We pay attention to our children’s wants, to what their friends are permitted to do, what other parents say, and what science is observing and discovering about children and media consumption. We take it all in, weigh its value, consider the nature of our children, and then follow our gut. There isn’t a one-size-fits-all rule for everyone. We make guesses that are as educated as can be at the time; then we assess how they went, adjust, and repeat. Some parents are more conservative and controlling. Others are less so. But in the end, we know our own children better than anyone else.
Discussing Everything With Your Children.
We had originally thought that we would read all the same books as our children, watch all the same movies, listen to the same music, based on our deeply held value that shared experiences are vital to developing close relationships with others. But with 6 children it has become clear that we just can’t keep up with all the media they consume. We neither have the time, nor, in truth, the desire. I do not want to read all the books aimed at middle schoolers. Or just about any of those written for teens (our teenagers actually shun that section of our library, as do I). But we still want to connect with them over the media they’re consuming. So we talk about it all. We ask them what they think of their books. If they’re struggling to figure out how they feel, we’ll look up reviews of the book so we can ask them more specific questions. We try very hard not to judge or shame them about their likes/dislikes and opinions. It’s part of fully accepting them as the persons they are in that moment. For how else can we expect them to open up about other topics if we ridicule them about their personal tastes? So we talk about everything as openly as possible.
Voicing Your Fears.
We’re not just after our kids’ opinions on media, but very much interested in a two way conversation with them. Discussing everything means vulnerability on both sides. When we explain why one of our children isn’t ready to take in a particular book or movie, or add a particular song to their playlist, we take the time to explain why. We talk about internet usage, and the importance of keeping the family computer (a laptop) in our family spaces for accountability. And yes, we talk about pornography with our children, especially as they get older and are allowed to browse the world wide web. As you would expect, our reasons are at times not very compelling. All they hear is NO. Sometimes that’s our fault as parents, because we start monologuing – a nice way to say that we’re lecturing them, or preaching at them. I believe it’s a natural thing to want to share our wisdom with our offspring. But it can easily become boring, and condescending. Have I mentioned before that kids don’t like to be condescended to any more than we do? Other times, they only hear “NO” because anything other than “Yes!” is unacceptable and not worth their time. Either way, we strive for a balanced conversation, where both sides are equally represented. A great way to do so (and make sure that we’re not talking too much) is to ask them lots of questions. It puts the ball in their court. And when it’s appropriate, we voice our fears. Things like our fear that they’ll think that what they see in porn is normal human sexual behavior. Or our fear that in hearing the message in certain popular songs that not respecting people’s boundaries is fun and acceptable (No means yes??? – No. No it doesn’t.). Or our fear that they will get sucked into an electronic media vortex that will turn them into a poltergeist that will haunt us for the rest of our lives (or just keep them living in our basement forever). Our genuine vulnerability tends to get their attention and models for them how to be vulnerable in healthy relationships.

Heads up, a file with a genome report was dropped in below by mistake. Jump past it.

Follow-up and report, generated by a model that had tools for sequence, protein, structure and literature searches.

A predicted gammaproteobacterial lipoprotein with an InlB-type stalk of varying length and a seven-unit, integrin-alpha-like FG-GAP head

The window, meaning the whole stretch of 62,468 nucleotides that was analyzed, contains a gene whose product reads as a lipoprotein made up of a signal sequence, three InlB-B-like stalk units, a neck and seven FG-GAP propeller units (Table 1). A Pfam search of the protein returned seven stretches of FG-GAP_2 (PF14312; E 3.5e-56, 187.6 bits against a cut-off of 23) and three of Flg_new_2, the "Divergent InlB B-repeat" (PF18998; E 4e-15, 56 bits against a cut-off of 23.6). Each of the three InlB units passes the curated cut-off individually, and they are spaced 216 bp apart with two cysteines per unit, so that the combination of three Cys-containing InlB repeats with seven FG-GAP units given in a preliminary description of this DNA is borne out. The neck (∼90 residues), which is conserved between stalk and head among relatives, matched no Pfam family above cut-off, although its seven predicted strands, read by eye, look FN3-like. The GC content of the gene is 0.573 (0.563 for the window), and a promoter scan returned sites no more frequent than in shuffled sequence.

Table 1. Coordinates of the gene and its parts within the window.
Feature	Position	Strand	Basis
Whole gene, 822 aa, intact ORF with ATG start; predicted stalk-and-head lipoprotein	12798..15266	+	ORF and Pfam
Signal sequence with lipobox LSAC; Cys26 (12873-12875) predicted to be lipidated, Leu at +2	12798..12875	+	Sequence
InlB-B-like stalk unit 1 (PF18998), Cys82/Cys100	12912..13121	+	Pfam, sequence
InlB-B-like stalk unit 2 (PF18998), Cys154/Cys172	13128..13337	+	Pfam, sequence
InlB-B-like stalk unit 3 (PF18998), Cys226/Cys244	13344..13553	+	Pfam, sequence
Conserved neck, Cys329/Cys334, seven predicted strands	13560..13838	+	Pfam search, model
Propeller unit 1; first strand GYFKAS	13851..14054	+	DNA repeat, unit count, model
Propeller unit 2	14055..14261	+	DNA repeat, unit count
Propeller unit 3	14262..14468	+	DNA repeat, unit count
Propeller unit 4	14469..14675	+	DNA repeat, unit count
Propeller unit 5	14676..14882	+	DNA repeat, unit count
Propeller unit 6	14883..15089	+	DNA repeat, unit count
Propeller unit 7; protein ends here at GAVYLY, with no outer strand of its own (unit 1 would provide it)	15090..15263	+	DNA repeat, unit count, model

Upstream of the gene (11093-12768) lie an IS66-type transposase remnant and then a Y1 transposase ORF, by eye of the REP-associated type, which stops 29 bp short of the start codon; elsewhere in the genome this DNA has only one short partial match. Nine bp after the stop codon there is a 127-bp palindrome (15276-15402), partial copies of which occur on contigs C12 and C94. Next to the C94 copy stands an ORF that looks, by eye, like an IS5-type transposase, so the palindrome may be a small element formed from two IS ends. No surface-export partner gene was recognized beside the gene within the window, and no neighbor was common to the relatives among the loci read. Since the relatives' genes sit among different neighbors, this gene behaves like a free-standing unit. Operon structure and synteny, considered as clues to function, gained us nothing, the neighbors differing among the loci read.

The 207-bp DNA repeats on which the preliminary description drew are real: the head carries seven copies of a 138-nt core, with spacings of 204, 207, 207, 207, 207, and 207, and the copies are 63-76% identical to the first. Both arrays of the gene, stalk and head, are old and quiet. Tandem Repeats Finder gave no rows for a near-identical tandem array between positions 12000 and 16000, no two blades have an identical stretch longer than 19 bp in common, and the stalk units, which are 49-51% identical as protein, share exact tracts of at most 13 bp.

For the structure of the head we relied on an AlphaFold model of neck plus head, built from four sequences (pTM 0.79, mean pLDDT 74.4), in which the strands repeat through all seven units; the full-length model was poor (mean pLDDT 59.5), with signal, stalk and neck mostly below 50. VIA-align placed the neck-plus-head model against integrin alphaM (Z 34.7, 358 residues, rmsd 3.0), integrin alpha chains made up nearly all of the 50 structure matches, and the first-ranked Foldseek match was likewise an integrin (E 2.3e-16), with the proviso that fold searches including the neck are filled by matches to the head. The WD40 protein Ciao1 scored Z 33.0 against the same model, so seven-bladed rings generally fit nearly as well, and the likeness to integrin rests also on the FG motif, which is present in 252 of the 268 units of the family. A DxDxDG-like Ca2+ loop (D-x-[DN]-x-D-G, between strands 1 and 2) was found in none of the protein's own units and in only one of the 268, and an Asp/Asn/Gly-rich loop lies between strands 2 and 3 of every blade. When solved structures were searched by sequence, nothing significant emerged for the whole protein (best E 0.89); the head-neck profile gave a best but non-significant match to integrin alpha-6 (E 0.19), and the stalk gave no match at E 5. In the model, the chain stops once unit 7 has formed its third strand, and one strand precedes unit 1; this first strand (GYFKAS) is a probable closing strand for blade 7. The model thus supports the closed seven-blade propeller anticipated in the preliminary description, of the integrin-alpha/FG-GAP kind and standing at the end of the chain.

In the final post in this series, I have four more thoughts to share, the last of which may be the one that rules them all (if you’ll pardon my Lord of the Rings reference).